Shortly After February 1, 2013: Clinton apparently leaves the State Department without signing a required form stating that she returned all her work-related documents.

All State Department officials are required to sign a form when they leave office stating that they returned all their work-related documents back to the government. Although Clinton becomes a private citizen after ending her term as secretary of state on February 1, 2013, there is no evidence she signs such a form. Those who sign the OF-109 form acknowledge they could be subject to “criminal penalties” for not turning over the documents.

In March 2015, Jen Psaki, a State Department spokesperson, will say, “We have reviewed Secretary Clinton’s official personnel file and administrative files and do not have any record of her signing the [form]. […] I think we’re fairly certain she did not.” Psaki also notes that Clinton’s predecessors as secretary of state also don’t seem to have signed the form.

A State Department manual declares that “a separation statement will be completed whenever an employee is terminating employment,” but Psaki says there is no penalty for not signing the form. (Politico, 3/17/2015)

February 7, 2014: The State Department says classified information on devices like BlackBerrys are prohibited.

Jen Psaki (Credit: ABC News)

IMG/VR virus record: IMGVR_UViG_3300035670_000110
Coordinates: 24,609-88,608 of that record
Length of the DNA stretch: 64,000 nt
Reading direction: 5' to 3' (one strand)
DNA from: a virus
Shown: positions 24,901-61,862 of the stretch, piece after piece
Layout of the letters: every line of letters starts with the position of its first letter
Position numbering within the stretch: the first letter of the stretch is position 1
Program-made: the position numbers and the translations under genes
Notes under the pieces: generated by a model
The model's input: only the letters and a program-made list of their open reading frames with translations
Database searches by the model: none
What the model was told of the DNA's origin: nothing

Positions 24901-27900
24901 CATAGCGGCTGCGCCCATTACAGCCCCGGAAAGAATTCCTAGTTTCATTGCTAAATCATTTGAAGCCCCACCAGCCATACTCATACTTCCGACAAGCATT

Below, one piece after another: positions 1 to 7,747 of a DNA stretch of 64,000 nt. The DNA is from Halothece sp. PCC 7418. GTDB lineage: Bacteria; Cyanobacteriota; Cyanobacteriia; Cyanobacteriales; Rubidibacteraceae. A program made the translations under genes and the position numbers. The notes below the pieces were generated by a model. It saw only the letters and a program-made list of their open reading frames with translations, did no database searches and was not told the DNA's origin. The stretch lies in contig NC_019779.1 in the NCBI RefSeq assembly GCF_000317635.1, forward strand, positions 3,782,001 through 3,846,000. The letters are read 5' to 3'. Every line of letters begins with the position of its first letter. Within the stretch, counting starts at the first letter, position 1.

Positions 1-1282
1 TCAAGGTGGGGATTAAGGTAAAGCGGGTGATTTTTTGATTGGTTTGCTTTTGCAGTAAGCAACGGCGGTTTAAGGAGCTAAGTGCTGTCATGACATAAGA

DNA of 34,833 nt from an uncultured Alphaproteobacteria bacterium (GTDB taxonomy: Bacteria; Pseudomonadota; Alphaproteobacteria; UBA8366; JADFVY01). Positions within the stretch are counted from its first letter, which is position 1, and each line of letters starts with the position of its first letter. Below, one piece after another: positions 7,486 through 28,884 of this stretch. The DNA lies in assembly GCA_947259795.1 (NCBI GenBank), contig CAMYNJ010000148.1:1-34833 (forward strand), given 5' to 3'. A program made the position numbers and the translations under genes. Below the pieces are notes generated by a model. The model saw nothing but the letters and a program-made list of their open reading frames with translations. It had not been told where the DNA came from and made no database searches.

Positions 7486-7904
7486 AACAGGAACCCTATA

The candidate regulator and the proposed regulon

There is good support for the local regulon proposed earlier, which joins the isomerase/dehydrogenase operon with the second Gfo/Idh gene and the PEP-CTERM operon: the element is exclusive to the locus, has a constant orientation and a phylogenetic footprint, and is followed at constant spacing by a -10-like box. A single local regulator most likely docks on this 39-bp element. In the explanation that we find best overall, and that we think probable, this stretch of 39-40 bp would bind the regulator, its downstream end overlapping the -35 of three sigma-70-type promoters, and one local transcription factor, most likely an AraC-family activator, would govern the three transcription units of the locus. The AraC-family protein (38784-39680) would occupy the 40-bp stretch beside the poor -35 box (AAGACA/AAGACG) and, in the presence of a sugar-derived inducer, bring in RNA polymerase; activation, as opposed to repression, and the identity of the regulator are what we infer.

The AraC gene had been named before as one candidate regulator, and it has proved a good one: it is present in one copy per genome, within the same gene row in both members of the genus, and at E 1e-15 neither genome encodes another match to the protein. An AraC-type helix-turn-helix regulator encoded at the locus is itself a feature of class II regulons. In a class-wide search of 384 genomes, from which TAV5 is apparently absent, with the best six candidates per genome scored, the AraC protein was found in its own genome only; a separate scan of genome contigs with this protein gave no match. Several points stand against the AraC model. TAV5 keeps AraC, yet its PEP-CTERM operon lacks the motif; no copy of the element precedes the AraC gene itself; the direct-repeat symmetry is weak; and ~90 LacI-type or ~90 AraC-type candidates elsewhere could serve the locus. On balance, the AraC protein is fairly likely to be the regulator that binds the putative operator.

Jen Psaki (Credit: ABC News)

A reporter asks department spokesperson Jen Psaki if “State Department officials routinely use encrypted phones, mobile phones, for their conversations…” Psaki says in her reply, “Classified processing and classified conversation on a personal digital assisted device is prohibited.” (US Department of State, 2/7/2014) 

These comments are made before the controversy about Clinton’s use of a private BlackBerry for government emails begins.

March 17, 2015: Clinton didn’t sign an oath that she turned over all official records before leaving office.

State Department spokesperson Jen Psaki claims the department cannot find Clinton’s form OF-109 which contains the oath, and perhaps Clinton never signed it, despite rules requiring all departing employees to. However, Psaki also notes that it appears Clinton’s secretary of state predecessors Colin Powell and Condoleezza Rice also didn’t sign the form.

Raj Shah, research director at the Republican National Committee (RNC), says, “With her exclusive use of private email from a server in her own home, it’s easy to see why Clinton didn’t bother to sign the form.” (The Washington Post, 3/17/2015)